For example, there have been a number of anthropological reports of cultures and societies where young males are sodomized by adults or encouraged and expected to orally copulate older males for much of their childhood (Ford & Beach, 1951; Money & ehrhard, 1972). As noted by Ford and Beach (1951) in describing the Karaki of New Guinea, "...in the course of his puberty rites each boy is initiated into anal intercourse by the older males. After his first year of playing the passive role he spends the rest of his bachelorhood sodomizing the newly initiated" (p. 132). However, in these and other cultures, once they reach adulthood males are expected to marry and cease to engage in such acts.
It is noteworthy that although ostensibly these acts are homosexual and involve ejaculation, they are a function of the social hierarchy and represent the establishment of dominance and submissive relationships (Ford & Beach, 1951). It is for these reasons that upon reaching late adolescence or adulthood, that males either cease to engage in these acts or reverse position and assume dominance over those who must now orally copulate them.
Moreover, it is important to note that adults who engage in such practices with male children, are pedophiles. In this regard, although pedophilia may have a variety of etiologies, several studies have indicated that the arousal experienced by these individuals is facilitated by the helplessness, vulnerability, and submissiveness of their victims (Eibl-Eibesfeldt, 1990; Howells, 19; Langevin, 2005).
HOMOSEXUAL DOMINANCE & SUBMISSION
Similar dominance and submissive relationships are formed in prisons and during war time with invading and conquering armies sometimes sodomizing inferiorally ranked males and/or castrating the vanquished (Brownmiller, 1975; Eibl-Eisbesfeldt, 1990). However, these "dominant" males do not usually view themselves as homosexuals although they certainly feel they have taken away the masculinity of those they have violated (Brownmiller, 1975; Eibl-Eibesfeldt, 1990; Lockwood, 1980; Scacco, 1975; Sheilds & Sheilds, 2005). Heterosexual males in fact frequently utilize sex to diminish, ridicule, demean, other men as well as women, and have engaged in the rape of both sexes to achieve these ends (Brownmiller, 1975; Eibl-Eibesfeldt, 1990; Ellis, 1989; Joseph, 2002b, 2003; Lockwood, 1980; Scacco, 1975). Indeed, males who are raped often refuse to report these experiences for fear of being viewed as homosexual or feminized.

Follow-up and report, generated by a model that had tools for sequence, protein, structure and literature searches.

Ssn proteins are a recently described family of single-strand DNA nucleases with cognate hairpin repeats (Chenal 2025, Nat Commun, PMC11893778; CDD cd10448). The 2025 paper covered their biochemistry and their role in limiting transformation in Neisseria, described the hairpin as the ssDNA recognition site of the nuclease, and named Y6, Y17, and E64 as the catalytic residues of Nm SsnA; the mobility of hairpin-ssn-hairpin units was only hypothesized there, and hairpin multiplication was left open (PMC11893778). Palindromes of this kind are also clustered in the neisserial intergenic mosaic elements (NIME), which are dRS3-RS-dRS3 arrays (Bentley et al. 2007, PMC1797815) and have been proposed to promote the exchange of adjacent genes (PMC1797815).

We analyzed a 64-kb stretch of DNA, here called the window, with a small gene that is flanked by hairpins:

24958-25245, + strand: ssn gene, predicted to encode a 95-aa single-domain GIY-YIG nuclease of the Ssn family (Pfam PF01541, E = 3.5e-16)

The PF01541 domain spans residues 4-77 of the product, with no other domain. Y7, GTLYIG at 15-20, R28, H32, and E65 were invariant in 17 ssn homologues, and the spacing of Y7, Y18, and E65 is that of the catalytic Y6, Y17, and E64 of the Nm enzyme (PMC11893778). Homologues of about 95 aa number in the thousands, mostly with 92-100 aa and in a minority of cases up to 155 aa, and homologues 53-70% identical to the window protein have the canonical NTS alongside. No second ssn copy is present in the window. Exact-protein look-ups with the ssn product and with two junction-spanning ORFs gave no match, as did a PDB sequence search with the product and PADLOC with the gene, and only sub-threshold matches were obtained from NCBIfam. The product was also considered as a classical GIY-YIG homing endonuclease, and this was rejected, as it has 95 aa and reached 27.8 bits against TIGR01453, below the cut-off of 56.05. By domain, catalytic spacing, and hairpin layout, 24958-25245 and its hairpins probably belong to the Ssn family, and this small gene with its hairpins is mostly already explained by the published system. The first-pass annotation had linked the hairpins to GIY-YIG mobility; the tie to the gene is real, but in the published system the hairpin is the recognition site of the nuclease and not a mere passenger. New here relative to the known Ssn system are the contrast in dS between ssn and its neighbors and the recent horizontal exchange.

Women, of course, are also subject to rape during war time, which in turn is often a consequence of a desire to defile the victim and to humiliate their men. In fact, when men or women are raped, bottles, sticks, guns, pipes and other objects are frequently used so as to exacerbate the victims sense of being dehumanized and totally dominated (Scacco, 1975; Shields & Shields, 2005). Findings such as these have led to the conviction among some social scientists and political groups that rape is not truly a sex act but is a function of a males desire to violently control and dominate their victims through sex (Brownmiller, 1975; Scacco, 1975).
In fact, males in this culture, particularly those involved in blue collar and the construction trades, often indulge in verbalized forms of sexual dominance with new or younger workers, and may tease or "jokingly" verbally threaten or belittle them sexually (Joseph, 2002b, 2003). Sexual threats, with direct exposure of an erect penis is often employed by primates in their dominance displays. As pointed out by Wickler and Eibl-Eisbesfeldt, not only due a variety of monkeys often stand guard by exposing their genitals, but phallic displays are a "universal" expression among human societies (Eibl-Eibesfeldt, 1975; Wickler, 1973).
Indeed, phallic aggression has even crept into the vocabulary. When someone is really "pissed off" we know he is angry and we should watch out. If someone says "fuck you!" we know they are not inviting us to have sex, and if someone has been "fucked" or "screwed" it is understood that someone else has diminished or taken advantage of them in some manner.